I frequently give advice to employers about the risks of not following scrupulously fair disciplinary procedures, even in cases which look like a slam-dunk. Occasionally they look on me with eyes of disbelief as I explain that following procedures avoids unanticipated future problems. Then every so often a case comes along that proves the point.
As part of your response to the coronavirus (COVID-19) pandemic, you may have taken steps to discourage all but essential visitors to your place of work, but to collect data about those individuals that you have met. For the great majority of us, there is no law that says you must. Collecting data like this is voluntary, but if you do collect it, then the next question is, what should you do with it.
It is commonplace when an employee leaves his old employer to join a competitor, in breach of an arguably unenforceable restrictive covenant, that the old employer threatens to sue not only the transferring employee, but also the new employer.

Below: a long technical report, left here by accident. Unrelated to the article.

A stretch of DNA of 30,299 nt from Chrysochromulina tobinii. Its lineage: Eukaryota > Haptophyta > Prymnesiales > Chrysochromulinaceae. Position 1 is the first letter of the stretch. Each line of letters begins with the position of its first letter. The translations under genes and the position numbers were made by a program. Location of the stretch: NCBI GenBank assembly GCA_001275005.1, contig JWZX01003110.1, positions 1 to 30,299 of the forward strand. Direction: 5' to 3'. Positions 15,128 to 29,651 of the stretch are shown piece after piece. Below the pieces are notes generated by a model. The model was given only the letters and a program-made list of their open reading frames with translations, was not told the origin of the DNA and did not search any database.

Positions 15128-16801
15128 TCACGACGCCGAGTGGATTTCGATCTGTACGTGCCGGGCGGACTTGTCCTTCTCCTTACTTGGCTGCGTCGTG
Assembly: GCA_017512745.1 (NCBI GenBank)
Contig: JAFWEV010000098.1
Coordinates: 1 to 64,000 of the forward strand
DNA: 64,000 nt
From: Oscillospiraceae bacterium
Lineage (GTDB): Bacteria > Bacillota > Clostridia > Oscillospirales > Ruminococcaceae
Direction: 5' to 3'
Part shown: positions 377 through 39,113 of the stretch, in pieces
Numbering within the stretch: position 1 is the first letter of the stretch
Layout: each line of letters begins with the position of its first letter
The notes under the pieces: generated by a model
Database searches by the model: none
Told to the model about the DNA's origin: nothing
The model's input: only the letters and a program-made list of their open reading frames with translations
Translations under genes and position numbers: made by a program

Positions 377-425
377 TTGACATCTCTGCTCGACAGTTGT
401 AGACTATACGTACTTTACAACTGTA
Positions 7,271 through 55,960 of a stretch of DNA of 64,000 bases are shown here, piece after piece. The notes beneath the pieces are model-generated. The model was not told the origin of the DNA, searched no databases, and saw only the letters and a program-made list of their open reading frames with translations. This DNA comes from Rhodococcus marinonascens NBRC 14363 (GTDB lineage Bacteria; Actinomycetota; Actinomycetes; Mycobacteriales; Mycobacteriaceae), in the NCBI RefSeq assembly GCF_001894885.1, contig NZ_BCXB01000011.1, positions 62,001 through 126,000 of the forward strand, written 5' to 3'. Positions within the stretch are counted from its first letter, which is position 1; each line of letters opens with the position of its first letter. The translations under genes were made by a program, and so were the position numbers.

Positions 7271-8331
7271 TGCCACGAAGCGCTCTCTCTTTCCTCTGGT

I am sure that many people will have seen the story in the press about the receptionist who was sent home for refusing to wear high heels. When she arrived at work wearing flat shoes, she was referred to the dress code and told to go home without pay unless she was prepared to wear shoes with a heel of between 2 and 4 inches. She refused and was apparently then sent home. The question that this has raised is whether this is lawful.